Furniture and Household Items
Actual pieces of furniture, put aside for the After-life, so they weren’t actually used but they give us a wonderful glimpse of Egyptian life.
Here are more of those baskets that impressed me. Used for containers, cheaper and lighter than clay. And still here after thousands of years.
Here are different models of Egyptian neck/head supports. The ancient people didn’t use pillows but slept on their back with the wooden support holding up their head. Even though I can’t imagine this being in the least bit comfortable. There must have been a practical reason for this.
Here are a few decorated wooden chests, some were used to hold toiletries or herbal remedies and spices.
Once again these are beautifully decorated. There were very few plain objects anywhere on display. Everything was decorated. It might be because these where mostly objects found in burials, and therefore more ceremonial than used objects, but I’d like to think that this exhibit shows us a snapshot of the daily life of these people, who wished to surround themselves with beautiful objects during their lives as well as after-lives.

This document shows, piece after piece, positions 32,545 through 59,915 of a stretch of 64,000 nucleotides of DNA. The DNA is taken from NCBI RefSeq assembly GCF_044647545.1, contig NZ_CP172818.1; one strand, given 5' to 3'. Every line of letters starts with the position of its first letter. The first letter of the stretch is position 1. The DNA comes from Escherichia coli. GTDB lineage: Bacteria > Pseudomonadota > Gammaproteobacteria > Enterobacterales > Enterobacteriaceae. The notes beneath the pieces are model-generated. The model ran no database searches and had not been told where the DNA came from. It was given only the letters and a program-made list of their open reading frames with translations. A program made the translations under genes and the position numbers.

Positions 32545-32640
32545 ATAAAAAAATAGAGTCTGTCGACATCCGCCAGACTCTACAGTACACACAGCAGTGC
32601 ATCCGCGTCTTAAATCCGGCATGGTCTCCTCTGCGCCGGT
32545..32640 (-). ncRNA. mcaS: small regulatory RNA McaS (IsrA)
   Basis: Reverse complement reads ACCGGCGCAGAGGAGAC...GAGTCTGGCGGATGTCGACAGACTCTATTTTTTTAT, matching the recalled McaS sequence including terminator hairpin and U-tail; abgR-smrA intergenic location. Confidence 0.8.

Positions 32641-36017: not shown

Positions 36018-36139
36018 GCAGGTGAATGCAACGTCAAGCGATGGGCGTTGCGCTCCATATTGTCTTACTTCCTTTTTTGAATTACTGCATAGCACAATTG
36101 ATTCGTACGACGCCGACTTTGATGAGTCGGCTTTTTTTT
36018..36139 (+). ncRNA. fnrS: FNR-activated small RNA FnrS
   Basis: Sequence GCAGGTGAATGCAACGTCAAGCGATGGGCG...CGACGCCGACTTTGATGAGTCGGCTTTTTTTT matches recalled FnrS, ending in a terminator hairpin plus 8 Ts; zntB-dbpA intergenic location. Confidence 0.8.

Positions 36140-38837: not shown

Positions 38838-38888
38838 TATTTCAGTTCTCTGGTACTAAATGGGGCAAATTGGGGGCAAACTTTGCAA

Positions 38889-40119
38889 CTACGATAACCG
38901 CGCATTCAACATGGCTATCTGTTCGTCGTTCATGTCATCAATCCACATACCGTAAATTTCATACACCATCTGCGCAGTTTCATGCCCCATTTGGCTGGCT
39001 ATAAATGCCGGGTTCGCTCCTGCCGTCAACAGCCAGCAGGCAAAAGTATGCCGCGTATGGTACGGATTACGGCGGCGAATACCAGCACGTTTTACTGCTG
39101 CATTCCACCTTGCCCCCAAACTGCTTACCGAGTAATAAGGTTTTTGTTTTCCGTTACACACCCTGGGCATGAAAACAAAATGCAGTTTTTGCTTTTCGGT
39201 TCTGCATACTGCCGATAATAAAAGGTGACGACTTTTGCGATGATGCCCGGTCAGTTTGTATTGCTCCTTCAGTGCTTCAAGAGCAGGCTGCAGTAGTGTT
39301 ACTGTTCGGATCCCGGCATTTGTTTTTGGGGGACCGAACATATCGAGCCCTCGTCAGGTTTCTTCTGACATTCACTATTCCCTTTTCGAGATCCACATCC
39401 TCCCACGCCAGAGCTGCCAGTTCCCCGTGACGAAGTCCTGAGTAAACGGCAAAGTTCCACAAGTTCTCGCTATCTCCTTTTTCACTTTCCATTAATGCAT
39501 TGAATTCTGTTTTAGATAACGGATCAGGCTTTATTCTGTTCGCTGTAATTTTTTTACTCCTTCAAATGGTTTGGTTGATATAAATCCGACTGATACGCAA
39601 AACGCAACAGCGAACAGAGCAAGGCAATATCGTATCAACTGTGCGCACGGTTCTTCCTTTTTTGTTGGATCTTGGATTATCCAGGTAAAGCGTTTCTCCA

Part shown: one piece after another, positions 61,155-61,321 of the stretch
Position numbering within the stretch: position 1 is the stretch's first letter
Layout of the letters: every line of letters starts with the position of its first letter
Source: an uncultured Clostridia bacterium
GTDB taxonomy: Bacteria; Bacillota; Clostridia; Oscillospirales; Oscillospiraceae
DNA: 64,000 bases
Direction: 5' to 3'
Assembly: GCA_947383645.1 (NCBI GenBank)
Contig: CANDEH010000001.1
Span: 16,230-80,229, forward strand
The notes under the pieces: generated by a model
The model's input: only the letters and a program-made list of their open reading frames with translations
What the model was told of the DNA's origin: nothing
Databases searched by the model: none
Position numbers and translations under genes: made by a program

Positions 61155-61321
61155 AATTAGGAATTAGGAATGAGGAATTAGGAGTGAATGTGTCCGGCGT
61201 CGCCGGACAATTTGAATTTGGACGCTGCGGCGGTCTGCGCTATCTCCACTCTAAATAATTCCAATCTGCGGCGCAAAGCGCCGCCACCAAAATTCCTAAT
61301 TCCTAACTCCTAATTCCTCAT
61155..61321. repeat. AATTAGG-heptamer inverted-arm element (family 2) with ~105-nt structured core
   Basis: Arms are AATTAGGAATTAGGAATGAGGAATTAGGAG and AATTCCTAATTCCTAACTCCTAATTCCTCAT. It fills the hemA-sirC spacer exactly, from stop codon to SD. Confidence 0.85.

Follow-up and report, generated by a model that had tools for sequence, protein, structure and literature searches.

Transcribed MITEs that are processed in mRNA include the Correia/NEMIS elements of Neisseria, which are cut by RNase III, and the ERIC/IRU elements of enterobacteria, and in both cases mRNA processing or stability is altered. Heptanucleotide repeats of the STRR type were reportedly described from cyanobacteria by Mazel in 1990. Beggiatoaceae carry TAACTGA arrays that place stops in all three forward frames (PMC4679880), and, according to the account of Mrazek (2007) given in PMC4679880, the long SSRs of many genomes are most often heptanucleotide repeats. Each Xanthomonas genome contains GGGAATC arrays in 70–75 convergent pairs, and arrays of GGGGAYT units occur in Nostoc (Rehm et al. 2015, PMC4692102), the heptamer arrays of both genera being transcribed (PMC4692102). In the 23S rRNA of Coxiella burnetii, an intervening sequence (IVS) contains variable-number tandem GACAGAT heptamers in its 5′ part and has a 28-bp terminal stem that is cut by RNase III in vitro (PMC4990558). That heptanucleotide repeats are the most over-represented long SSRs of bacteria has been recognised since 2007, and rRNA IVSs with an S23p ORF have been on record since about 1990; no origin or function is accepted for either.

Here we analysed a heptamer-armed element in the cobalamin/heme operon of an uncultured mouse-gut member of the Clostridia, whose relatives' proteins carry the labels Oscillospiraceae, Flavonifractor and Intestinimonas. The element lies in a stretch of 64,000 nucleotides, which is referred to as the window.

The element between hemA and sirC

Delicate glass flask and jars filled this display case. They showed the glass techniques we read about in the book and was quite thrilling to see in real life. It’s bright and colorful and carefully detailed. Shame my photo came out blurry
Here were some tableware items made of mud and clay. These were simpler and a lot less elaborate than some of the other items. But they were also considerably older. I wished they’d had more explanations on the display, but this was only a temporary addition, because the museum was worried about basement flooding. How sad would it be, that something like this surviving nearly 5000, should be destroyed in a modern day basement flood?